The function of riparian zone vegetation and river banks in South Africa, are under constant threat of anthropogenic activities such as mining and agricultural practices along riverine areas. The degradation of such vegetation and the collapse or removal of river banks has a profound wide spread and long term effect on the riverine environment (Zainudin et al. 2013). Initiatives such as Working for Water (WfW) has taken up the challenge to actively restore degraded and disturbed riverine environments in order to restore the quality and availability of water in South African catchment areas (Palmer et al. 2005; Holmes et al. 2008).
Conservation and restoration of riparian and river bank environments and ecosystems has become a hot topic worldwide since the 1990’s. Ever since the realization of the importance of conserving and restoring such environments, a significant spike in the U.S. Southwest have also lead to active implementation of riverine restorative initiatives (Follstad Shah et al. 2007). The Environmental Quality Act 1974 and The National Forestry Act 1984 have also been implemented with a fair amount of seriousness in Malaysia where, in significant cases, perpetrators are penalised with one year of jail time to account for their acts towards the environment (Zainudin et al. 2013).
Within the mining industry, a certain amount of concern has been invoked by the landowners abutting mining initiatives. These concerns largely regard the mismanagement of follow-up site inspections by the Department of Environmental Affairs and Resources. Without the necessary and consistent regulation and inspection of the applicable state departments, mining licence holders seizes the opportunity to generate greater income. This however usually results in a disregard to regulations and remedial measures stipulated by the Environmental Management Plan for the proposed or implemented mining venture. This eventually involves breaching of buffer zones and the destruction of riparian zones.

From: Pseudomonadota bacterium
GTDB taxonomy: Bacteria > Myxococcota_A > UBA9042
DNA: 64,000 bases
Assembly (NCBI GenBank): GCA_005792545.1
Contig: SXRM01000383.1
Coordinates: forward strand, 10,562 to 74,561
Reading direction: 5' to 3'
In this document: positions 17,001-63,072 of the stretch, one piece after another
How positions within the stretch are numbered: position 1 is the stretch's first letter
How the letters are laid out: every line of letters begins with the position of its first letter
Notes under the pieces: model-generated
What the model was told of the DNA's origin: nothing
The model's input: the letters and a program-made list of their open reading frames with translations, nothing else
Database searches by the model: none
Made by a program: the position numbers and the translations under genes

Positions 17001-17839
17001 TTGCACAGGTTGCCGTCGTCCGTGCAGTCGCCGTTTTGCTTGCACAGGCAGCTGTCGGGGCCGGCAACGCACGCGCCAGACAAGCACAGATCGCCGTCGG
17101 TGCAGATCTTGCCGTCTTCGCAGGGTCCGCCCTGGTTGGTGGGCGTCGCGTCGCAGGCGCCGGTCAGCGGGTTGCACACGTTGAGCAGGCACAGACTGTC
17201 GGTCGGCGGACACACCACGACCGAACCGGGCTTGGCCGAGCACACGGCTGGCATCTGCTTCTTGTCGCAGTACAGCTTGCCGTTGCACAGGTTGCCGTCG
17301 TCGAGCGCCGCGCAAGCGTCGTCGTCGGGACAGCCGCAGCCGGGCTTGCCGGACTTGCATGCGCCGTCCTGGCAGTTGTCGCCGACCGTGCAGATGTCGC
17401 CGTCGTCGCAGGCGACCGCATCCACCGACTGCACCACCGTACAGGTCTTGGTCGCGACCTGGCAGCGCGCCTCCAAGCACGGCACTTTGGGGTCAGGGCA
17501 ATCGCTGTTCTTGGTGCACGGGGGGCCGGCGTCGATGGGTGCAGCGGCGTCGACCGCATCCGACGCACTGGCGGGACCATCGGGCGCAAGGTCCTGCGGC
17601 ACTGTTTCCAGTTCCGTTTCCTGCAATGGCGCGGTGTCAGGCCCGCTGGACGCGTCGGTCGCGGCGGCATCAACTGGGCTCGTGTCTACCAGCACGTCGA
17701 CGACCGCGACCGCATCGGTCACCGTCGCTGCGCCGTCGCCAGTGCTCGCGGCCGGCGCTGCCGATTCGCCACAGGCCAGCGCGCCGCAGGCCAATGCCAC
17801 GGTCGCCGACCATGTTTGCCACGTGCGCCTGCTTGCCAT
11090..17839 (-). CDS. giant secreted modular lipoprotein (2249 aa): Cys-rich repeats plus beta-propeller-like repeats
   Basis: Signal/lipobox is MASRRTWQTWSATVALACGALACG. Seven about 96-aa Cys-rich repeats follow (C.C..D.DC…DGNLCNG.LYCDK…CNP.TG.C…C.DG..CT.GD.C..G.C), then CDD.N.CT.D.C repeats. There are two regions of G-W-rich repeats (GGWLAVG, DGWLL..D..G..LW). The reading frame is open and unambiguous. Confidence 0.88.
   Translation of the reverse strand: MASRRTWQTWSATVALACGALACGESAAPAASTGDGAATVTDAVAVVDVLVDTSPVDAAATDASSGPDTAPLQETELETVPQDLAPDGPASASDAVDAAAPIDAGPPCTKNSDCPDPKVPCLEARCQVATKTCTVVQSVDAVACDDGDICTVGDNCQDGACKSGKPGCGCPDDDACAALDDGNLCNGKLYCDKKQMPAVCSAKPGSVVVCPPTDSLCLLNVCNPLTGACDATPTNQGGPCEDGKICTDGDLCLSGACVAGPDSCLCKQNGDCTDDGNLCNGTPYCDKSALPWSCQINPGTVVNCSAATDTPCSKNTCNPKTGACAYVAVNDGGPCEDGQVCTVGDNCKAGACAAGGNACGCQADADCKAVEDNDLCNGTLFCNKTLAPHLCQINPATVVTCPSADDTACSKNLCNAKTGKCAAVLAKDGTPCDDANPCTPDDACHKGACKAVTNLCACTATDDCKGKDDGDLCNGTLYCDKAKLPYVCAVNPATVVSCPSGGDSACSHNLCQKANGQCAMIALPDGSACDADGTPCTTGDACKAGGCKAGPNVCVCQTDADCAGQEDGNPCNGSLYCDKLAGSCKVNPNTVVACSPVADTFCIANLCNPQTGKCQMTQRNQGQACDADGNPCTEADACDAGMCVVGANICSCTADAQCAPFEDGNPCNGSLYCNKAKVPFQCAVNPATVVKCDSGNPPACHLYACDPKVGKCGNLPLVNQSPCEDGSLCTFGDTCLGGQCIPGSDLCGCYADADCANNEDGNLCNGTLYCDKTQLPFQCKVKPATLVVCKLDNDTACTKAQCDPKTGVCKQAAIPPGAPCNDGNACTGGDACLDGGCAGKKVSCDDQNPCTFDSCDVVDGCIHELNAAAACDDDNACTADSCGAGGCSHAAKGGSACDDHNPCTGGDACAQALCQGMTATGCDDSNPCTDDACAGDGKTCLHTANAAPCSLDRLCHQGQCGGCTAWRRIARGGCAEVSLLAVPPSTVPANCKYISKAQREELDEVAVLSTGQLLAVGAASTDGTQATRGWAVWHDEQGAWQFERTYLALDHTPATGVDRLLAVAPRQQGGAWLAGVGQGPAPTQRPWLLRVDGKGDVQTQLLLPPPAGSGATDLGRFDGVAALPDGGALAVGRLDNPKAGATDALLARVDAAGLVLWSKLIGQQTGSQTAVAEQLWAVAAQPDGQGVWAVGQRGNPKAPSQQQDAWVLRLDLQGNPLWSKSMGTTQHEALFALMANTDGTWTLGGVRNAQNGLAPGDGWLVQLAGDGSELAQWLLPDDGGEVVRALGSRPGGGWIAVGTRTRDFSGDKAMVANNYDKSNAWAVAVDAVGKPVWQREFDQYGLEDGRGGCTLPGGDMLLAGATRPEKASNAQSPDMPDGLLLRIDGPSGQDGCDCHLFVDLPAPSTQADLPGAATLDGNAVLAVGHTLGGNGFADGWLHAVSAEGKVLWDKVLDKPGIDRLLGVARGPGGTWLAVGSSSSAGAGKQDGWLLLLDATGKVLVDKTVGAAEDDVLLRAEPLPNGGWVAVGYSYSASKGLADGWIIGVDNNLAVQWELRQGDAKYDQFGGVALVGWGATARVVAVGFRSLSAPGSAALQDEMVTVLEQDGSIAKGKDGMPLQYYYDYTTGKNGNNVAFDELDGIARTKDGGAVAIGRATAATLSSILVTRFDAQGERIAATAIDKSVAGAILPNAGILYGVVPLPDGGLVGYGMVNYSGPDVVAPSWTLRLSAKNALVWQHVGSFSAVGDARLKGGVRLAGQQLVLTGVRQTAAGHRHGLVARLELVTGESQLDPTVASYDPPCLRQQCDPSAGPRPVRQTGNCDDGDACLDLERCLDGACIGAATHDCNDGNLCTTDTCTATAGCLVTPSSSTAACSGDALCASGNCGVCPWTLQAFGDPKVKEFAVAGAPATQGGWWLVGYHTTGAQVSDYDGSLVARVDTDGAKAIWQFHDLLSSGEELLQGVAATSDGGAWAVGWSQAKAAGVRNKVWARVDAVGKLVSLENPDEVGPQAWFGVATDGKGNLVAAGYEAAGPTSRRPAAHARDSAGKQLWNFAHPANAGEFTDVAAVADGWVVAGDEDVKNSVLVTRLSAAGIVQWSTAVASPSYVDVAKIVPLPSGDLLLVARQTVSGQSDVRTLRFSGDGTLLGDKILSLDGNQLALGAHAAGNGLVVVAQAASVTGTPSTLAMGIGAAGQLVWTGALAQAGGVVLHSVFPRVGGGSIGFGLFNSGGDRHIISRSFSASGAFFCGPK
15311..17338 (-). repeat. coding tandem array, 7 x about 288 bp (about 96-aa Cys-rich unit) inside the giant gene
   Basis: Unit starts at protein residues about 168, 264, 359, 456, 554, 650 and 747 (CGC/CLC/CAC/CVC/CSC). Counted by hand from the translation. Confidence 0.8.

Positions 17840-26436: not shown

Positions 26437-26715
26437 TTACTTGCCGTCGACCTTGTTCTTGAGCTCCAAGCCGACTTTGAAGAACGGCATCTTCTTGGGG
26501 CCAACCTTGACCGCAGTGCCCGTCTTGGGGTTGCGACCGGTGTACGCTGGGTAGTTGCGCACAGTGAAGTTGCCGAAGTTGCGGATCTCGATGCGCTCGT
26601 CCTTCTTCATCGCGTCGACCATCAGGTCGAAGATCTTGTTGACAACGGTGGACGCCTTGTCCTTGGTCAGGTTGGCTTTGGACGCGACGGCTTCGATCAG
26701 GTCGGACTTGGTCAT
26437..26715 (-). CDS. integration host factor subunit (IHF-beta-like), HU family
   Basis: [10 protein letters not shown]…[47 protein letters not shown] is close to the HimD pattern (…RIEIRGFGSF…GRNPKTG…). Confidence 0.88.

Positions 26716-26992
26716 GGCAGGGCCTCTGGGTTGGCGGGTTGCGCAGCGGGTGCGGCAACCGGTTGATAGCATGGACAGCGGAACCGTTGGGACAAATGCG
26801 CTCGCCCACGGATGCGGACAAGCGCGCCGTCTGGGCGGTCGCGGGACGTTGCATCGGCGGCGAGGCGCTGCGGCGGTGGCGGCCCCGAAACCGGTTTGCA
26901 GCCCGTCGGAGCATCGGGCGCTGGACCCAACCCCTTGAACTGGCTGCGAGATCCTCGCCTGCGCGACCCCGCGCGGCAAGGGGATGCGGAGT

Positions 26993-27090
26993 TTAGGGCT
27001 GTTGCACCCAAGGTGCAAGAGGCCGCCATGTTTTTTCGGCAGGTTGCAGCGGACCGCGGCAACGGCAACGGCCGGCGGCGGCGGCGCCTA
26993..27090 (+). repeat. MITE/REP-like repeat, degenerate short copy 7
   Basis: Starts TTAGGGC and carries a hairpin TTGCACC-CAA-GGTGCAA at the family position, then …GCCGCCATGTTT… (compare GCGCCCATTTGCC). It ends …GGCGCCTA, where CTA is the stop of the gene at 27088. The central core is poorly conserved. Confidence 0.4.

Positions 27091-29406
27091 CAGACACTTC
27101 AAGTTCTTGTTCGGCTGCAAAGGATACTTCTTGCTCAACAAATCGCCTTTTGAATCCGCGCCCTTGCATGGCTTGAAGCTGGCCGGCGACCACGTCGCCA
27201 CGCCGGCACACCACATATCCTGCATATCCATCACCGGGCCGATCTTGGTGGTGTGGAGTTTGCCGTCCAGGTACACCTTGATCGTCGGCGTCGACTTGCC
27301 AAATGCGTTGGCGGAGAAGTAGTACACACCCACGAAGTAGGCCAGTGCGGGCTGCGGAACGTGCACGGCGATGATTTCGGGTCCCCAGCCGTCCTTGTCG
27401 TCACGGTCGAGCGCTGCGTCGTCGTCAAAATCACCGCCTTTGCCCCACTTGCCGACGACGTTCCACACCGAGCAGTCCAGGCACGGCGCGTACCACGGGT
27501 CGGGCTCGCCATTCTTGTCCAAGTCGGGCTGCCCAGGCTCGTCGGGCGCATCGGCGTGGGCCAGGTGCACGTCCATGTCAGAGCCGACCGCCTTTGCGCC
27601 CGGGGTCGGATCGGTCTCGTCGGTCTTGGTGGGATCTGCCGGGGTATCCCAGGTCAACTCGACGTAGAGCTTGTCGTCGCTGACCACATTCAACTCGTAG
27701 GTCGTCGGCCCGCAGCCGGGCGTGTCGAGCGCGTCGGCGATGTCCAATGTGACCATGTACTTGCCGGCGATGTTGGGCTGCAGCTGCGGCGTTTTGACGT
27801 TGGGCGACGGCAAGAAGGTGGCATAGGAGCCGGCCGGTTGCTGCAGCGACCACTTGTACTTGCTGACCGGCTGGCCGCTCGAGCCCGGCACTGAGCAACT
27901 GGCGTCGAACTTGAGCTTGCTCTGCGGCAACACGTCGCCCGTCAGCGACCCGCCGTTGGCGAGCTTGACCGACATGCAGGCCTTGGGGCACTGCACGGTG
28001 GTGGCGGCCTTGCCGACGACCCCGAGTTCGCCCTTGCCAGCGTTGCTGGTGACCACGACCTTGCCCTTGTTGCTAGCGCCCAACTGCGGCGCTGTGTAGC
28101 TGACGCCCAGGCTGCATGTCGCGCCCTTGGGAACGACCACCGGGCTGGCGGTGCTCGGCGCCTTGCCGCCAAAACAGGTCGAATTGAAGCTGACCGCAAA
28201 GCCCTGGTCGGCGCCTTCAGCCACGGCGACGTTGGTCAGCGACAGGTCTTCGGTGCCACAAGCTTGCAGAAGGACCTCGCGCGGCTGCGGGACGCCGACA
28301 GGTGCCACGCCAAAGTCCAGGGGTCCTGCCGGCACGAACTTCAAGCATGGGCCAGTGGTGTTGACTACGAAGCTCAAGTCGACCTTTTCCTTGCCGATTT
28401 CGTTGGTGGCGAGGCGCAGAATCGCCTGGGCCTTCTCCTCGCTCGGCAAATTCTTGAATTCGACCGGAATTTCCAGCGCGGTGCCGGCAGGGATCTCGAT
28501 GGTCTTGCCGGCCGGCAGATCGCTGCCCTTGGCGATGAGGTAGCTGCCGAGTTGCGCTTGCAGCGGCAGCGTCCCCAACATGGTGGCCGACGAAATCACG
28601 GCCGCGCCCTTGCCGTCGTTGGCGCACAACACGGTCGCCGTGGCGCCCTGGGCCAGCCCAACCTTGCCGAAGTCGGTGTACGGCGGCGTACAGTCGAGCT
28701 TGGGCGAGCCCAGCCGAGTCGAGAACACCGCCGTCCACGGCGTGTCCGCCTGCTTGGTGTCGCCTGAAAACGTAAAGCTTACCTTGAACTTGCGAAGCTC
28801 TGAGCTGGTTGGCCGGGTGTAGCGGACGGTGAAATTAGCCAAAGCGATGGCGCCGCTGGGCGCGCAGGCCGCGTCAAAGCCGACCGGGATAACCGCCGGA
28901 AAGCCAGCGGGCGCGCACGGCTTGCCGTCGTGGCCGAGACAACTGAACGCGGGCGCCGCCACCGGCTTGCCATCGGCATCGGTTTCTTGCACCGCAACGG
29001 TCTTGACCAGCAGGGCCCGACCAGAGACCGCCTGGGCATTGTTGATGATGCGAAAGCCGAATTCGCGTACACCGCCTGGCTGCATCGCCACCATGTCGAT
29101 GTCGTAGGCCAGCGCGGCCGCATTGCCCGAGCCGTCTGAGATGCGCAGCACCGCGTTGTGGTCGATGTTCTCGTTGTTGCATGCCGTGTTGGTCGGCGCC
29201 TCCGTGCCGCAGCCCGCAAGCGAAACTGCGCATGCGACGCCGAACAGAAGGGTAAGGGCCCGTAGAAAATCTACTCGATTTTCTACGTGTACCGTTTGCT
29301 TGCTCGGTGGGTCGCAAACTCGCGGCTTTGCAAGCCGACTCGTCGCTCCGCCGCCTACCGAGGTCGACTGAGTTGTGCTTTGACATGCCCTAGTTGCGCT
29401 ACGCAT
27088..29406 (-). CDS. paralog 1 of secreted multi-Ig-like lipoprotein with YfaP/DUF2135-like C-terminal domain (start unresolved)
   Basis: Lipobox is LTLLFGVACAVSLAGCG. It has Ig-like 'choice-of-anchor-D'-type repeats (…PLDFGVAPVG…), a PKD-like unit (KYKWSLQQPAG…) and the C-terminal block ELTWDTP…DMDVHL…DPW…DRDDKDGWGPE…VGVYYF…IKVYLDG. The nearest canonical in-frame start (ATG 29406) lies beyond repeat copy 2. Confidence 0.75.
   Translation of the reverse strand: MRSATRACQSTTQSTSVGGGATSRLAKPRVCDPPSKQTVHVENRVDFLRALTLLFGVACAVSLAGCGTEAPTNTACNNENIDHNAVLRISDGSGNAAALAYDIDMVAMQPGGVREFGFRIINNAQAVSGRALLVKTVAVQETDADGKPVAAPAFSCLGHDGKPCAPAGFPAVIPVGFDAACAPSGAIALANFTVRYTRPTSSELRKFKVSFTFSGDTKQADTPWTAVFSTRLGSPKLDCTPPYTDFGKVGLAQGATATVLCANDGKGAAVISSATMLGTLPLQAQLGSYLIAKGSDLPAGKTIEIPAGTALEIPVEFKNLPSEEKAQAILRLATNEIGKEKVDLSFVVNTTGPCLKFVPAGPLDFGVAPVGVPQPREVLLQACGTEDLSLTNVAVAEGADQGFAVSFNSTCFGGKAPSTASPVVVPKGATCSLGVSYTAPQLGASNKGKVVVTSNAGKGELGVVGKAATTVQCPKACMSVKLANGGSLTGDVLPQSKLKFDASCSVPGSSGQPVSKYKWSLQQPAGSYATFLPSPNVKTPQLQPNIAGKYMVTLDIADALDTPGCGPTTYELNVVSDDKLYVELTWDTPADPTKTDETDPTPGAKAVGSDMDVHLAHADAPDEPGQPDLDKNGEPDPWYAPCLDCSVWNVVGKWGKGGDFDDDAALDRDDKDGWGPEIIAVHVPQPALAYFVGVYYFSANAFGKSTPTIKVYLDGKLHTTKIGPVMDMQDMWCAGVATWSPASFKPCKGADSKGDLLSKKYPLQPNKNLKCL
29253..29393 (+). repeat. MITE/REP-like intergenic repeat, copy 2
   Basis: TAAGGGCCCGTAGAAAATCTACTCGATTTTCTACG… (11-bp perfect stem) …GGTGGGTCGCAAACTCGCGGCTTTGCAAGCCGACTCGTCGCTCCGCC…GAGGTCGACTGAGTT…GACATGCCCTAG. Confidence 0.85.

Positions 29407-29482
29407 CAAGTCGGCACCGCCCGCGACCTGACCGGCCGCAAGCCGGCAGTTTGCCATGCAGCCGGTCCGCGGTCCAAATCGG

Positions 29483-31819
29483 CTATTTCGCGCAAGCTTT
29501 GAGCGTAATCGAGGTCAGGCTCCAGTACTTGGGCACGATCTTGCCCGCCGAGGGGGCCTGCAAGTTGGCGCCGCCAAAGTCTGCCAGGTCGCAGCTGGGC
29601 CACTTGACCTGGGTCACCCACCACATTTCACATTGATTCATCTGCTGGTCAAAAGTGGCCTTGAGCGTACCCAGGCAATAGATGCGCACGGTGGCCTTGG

This project deals with one such case where historic illegal and unregulated mining lead to the destruction of the riparian zone and the subsequently collapse of the upper eastern embankment of the Colora River. Recent legalised mining activity along the river has also lead to further destruction of the riverine environment downstream. To gain a better understanding of riparian and riverine functioning and restoration, applicable literature regarding the following aspects must be consulted:
(i) stabilization of embankments;
(ii) removal of river banks;
(iii) reconstruction of river banks;
(iv) natural sediment deposition in riverine systems;
(v) natural rehabilitation of riparian vegetation;
(vi) management of alien invasive vegetation;
(vii) rehabilitation of Thicket;
(viii) river health;
(ix) and the creation of new flow paths.
During the early nineties the Namoi River, located near Boggabri in north-western New South...